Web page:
That’s not a typo.
Although I am addressing how some leaders respond in times of failure, flailing is my focus. The word flail can be a noun or a verb. As a noun, it describes a primitive weapon, composed of a strong stick or pole, some type of rope or chain and a metal spiked ball at the end of the chain (picture courtesy of Google Images). It was used in medieval times as a close-combat weapon. You can imagine the devastation it would cause an enemy. The verb form deals with a person who swings wildly, usually in a desperate attempt to overcome a dangerous situation. We see this kind of fighting in undisciplined street fights. Opponents don’t use fighting skills as much as they use brute strength, panic and a little bit of luck.
Let’s talk about flailing leaders. This type of flailing may not involve throwing punches, but it does involve wild responses. It happens when…
Under attack from an enemy.
In danger of being hurt.
Panic from failure sets in.
One doesn’t know what else to do.
Granted, it doesn’t happen in every one of these situations, but we’ve all seen it. A leader loses control of their assignment or themselves. They feel backed into a corner. They perceive a threat. So many of us come out swinging. They may yell, threaten others, try desperately to defend themselves or try to hurt others. We’re not sure who we are going to “hit” but someone will certainly get hurt.
I’m trying unsuccessfully to recall when a flailing leader came out looking good. I can name dozens of cases where a leader looked foolish while flailing.
Here are some things to remember the next time you are cornered, threatened, unsure, intimidated or in danger.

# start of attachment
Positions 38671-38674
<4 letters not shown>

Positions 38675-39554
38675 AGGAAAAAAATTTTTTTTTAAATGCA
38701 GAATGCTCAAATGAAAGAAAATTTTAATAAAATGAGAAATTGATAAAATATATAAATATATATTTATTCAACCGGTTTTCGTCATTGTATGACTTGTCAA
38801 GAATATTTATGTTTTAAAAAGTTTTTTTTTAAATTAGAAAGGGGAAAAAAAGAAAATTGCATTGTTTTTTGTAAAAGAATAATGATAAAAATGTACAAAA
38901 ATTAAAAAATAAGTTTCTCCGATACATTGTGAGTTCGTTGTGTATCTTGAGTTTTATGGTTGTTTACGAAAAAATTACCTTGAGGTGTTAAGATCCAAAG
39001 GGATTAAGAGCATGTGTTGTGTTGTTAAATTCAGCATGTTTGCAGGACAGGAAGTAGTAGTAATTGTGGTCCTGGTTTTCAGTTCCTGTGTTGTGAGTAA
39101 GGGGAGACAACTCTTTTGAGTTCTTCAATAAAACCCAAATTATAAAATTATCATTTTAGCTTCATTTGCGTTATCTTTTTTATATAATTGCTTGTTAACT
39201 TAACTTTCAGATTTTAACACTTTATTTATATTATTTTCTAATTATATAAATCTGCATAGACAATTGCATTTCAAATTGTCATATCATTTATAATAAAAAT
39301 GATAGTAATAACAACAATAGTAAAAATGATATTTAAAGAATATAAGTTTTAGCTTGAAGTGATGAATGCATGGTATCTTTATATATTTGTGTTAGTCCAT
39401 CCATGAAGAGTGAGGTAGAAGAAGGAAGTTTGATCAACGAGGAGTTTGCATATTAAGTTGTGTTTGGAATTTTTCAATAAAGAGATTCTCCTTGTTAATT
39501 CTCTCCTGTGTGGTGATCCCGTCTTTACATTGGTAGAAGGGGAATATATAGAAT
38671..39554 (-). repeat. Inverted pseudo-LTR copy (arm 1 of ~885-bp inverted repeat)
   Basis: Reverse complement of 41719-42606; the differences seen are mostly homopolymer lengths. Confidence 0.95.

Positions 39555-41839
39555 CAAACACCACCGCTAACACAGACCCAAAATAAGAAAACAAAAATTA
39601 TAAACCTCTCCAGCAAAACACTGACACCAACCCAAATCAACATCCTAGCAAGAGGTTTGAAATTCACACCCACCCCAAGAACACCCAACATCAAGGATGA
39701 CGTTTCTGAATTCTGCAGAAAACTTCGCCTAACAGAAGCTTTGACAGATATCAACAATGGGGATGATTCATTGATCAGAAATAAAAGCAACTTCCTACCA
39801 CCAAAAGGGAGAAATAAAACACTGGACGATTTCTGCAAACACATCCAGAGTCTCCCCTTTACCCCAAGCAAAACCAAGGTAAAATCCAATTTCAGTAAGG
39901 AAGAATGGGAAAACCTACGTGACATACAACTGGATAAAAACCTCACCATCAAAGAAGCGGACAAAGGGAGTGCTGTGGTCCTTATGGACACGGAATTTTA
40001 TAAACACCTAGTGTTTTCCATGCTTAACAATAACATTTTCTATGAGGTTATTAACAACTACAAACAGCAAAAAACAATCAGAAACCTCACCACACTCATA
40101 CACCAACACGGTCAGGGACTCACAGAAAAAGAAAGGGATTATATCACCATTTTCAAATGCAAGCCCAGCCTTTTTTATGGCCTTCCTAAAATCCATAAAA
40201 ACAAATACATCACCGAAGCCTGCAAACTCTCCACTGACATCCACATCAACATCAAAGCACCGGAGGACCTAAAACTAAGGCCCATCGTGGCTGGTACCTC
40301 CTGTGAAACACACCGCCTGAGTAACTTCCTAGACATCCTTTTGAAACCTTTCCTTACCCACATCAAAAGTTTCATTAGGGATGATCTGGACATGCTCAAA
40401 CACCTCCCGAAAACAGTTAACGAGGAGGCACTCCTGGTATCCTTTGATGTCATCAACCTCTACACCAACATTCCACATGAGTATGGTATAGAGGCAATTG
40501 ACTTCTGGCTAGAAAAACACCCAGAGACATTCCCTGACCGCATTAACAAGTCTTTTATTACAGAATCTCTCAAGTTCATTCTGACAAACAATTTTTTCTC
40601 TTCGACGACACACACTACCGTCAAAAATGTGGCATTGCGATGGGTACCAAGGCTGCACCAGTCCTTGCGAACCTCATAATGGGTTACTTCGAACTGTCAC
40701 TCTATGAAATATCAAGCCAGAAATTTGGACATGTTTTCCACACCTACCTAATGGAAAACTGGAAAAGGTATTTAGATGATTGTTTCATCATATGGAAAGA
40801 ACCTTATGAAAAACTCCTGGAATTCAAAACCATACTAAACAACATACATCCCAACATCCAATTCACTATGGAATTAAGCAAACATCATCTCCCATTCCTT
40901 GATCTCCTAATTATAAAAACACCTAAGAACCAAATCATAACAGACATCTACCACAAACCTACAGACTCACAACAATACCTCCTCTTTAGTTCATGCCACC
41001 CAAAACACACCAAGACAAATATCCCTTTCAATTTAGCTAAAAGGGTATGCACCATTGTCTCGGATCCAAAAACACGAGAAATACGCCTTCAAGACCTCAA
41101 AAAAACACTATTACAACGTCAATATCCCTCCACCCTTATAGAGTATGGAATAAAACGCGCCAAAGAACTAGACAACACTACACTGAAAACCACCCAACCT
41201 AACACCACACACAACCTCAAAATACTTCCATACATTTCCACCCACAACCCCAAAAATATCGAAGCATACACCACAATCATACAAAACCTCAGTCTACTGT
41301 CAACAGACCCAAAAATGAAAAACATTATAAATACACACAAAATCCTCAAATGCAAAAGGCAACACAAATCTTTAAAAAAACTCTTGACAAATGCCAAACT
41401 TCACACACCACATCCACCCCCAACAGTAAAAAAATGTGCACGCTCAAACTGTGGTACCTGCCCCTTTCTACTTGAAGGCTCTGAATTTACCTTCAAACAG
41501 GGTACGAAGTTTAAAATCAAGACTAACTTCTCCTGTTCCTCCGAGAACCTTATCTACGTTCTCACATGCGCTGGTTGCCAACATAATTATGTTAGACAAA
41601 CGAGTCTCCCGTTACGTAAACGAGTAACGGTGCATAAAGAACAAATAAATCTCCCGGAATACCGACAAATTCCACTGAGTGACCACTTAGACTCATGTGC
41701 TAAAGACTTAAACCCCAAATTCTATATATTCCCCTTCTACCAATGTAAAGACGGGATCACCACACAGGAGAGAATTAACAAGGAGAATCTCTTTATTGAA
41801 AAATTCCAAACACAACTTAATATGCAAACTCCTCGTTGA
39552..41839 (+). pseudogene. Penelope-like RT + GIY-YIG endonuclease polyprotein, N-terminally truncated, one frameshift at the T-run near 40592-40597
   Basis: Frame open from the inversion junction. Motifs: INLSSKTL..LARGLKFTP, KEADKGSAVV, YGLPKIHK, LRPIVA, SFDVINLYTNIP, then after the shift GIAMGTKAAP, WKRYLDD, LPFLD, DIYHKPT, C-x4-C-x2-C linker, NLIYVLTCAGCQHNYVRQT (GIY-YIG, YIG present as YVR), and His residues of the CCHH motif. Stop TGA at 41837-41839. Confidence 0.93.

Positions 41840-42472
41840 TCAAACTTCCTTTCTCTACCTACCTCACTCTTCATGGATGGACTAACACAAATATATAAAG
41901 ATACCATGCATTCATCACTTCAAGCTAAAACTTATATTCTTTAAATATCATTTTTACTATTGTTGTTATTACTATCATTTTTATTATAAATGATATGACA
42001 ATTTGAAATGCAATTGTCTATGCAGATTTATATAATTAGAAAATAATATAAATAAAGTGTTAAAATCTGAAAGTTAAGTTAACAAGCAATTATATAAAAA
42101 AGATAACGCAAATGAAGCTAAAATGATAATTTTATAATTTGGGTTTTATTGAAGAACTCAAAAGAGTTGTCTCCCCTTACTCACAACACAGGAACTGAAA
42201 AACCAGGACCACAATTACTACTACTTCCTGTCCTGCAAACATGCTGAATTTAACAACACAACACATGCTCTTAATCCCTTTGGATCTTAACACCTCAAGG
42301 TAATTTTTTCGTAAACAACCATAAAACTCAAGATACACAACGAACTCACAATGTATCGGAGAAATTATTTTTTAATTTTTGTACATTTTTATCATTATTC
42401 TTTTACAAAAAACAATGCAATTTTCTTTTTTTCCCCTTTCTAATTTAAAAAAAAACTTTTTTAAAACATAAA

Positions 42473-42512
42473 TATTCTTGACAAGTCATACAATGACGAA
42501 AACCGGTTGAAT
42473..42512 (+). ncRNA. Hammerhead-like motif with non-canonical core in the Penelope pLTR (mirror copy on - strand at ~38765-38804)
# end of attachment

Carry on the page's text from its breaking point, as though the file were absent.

Once a leader loses their composure, things head downhill rapidly. People observe our reactions and responses. They watch closely what we do and say. They judge us as a leader based on our behavior. And many of them never forget what they observed. Years of trust building can be destroyed in a moment of flailing. Self-control is a vitally necessary characteristic for today’s leaders. If you lack control or are undisciplined, you will pay a big price. Poise is the ability to remain in control of one’s responses even when the situation is out of control. Poise under pressure is one of the most desirable traits for current leaders. People will trust and follow a leader that doesn’t panic. Maintaining equilibrium when things are falling apart allows a leader to help and serve others who desperately need them. Don’t get knocked off balance!
A flail (noun) is hard to control. Sometimes, people are hit unintentionally. Innocent bystanders can and will be damaged. And sometimes the person wielding the flail hits themselves. Sometimes, the blow is fatal.
Here’s the point: when leaders flail, people get hurt. Rather than helping people, we do damage.
The lesson is – prepare yourself ahead of time to respond to bad situations. Arm yourself with self-control, steady thinking, and the ability to remain calm. The next time someone or something threatens you, don’t fail by flailing! Your poise under pressure will serve you well and it will serve well those you are serving.